1/2 cup almond milk
1 cup kale
1 tbsp flax seed
agave to taste
Berry Blast with Spinach (India’s favorite)
1/2 cup frozen mixed berries
1/2 cup frozen strawberries
1/2 cup kefir
1 cup spinach
1 tbsp flax seed
agave to taste Orange Dream (my favorite)
1 cup grated carrots
1 cup OJ
1/2 cup kefir
1 tbsp flax seed
agave to taste If you try the spinach, you will have to let me know how it works out! Any other ideas for superfoods I can slip into a smoothie?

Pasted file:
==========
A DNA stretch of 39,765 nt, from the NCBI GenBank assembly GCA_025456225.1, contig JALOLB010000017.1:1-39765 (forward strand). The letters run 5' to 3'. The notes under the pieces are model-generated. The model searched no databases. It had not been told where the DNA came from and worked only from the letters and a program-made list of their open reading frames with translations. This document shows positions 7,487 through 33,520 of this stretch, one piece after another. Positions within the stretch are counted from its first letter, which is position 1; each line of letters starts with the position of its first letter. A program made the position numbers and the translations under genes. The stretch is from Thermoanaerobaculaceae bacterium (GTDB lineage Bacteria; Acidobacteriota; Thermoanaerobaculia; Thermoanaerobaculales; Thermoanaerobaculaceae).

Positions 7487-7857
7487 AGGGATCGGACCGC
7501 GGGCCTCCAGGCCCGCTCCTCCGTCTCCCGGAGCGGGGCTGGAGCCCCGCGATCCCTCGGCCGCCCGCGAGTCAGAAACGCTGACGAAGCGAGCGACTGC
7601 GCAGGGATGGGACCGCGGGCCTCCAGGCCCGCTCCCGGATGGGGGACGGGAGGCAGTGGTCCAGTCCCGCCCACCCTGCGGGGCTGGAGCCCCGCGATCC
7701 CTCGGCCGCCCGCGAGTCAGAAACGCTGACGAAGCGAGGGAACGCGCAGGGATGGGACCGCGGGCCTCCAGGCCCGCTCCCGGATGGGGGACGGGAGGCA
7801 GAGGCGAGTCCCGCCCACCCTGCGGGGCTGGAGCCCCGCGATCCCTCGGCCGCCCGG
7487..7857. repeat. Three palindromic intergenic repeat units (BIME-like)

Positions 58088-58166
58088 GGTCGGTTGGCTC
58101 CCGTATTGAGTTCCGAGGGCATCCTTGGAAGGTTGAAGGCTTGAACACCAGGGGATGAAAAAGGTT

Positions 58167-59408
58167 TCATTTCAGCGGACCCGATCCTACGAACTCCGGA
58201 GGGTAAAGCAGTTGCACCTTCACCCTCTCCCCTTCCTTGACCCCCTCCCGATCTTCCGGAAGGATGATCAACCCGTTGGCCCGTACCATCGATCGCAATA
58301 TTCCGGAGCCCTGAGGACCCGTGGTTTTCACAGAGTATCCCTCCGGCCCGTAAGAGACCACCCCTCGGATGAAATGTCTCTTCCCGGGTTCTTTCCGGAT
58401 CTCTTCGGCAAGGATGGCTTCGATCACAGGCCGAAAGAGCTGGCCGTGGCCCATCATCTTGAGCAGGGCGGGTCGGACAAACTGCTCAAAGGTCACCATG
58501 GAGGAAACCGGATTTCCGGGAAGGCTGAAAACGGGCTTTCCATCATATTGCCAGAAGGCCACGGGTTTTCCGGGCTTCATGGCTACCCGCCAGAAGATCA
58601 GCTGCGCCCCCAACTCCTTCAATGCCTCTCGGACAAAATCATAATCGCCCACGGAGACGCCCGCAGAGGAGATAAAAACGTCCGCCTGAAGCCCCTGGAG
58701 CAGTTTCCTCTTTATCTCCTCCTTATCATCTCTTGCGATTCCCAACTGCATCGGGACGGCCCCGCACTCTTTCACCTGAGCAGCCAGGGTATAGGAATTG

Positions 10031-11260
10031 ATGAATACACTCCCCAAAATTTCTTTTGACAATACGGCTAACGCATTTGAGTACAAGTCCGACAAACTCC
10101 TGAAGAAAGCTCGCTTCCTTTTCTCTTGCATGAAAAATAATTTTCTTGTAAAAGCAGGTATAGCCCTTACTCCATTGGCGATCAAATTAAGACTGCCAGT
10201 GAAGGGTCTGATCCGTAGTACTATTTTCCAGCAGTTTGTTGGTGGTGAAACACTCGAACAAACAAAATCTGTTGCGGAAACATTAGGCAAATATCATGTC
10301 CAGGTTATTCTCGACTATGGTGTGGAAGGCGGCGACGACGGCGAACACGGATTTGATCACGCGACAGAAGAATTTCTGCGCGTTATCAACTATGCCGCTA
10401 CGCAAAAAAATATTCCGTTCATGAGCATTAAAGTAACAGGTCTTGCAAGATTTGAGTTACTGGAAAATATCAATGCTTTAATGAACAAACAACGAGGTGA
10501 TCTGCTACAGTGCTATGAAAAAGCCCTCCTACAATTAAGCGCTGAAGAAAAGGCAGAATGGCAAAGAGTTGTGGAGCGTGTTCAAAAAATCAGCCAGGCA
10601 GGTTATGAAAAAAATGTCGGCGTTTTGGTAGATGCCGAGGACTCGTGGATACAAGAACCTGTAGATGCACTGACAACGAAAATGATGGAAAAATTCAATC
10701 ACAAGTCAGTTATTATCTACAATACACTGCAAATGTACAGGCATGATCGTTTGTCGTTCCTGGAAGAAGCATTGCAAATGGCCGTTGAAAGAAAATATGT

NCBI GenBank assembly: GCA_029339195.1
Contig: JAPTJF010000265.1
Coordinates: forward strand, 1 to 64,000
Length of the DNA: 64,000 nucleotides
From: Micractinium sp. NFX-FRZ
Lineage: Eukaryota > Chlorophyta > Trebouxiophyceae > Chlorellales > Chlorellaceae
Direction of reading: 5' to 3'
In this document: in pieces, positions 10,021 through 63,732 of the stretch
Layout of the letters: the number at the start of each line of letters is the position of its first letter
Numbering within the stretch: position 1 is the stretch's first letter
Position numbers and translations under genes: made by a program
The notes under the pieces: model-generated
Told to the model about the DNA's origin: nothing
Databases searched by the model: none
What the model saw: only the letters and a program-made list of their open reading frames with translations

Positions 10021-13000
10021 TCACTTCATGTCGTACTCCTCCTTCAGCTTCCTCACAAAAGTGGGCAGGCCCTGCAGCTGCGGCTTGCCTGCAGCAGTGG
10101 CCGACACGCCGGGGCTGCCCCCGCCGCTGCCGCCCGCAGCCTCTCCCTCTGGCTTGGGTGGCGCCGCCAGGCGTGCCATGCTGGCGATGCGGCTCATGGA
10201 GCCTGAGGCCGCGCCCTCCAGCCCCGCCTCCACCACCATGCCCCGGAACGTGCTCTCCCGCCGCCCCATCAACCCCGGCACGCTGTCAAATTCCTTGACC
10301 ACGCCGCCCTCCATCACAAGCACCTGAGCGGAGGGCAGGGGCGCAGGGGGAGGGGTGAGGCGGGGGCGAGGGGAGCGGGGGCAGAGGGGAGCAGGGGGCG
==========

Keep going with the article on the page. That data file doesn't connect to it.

Last week I posted a few gluten-free, dairy-free breakfast ideas, and I thought I would share how I make oatmeal in the crockpot (and a little trick for getting my kids to eat it). I am not a morning person by any stretch of the imagination, so I am all about finding ways to prepare breakfast in advance. I love doing oatmeal in the crockpot because I can put it on before I go to bed, and it’s perfect in the morning. First things first, let’s talk slow-cookers. If you only have a large crockpot, you are going to have to cook up quite a bit of oatmeal to keep it from turning into a layer of burnt oat. My recommendation, if you are a fan of oatmeal and think you will make it a couple times a week, is to invest in a smaller crockpot. They are usually under $20 (this one is similar to mine and just $16), and they overnight oats much easier. Now let’s talk oats. For overnight oats, YOU WILL NEED TO BUY “STEEL-CUT’ OATS. These are sometimes called Irish Oats, and they are whole grain groats (the inner portion of the oat kernel) which have been cut into pieces. They take longer to cook than rolled oats, and in my opinion have a creamier consistency. I usually buy McCANN’S Steel Cut Irish Oatmeal because a 4-pack on Amazon ships for free. For people on GFDF diets, McCann’s determines their oats to be less than 0.05% gluten-free. For people like myself, that works, but for those with severe allergies of celiac, I believe there are certified gluten-free oats that would be more appropriate. When cooking oats in the crockpot, you want a 1:4 ratio of oats to water. If you have a small 1.5 qt slow cooker, you can add 1 cup of oats and then fill it to the top with water. I recommend adding a little cooking spray to the crockpot first, for easier cleanup. Set the crockpot to LOW just as you go to bed, and they should be perfectly cooked once you wake up. Alright, now for the secret for getting kids to eat it. Initially, my kids turned up their noses at the beige mush, but then I offered to put sprinkles on top, and suddently they were very enthusiastic. I use Truvia to sweeten the oats (the sugar dispenser pictured above measures out a teaspon of truvia or sugar with the push of a button, and is a great way to let kids sweeten their own food without dumping). After stirring in the sweetener, I use a little decorative sugar as “sprinkles”. I found some dye-free colored sugar on Amazon: this India Tree pink decorating sugar is dyed with beets and it comes in several other colors, too. The colors are really vibrant and it really takers very little sugar for a big visual impact. My kids love their “striped oatmeal” and I loved that I can just dump it into their bowls in the morning without standing over the stove. Do you have any other ideas for prepping breakfast in advance?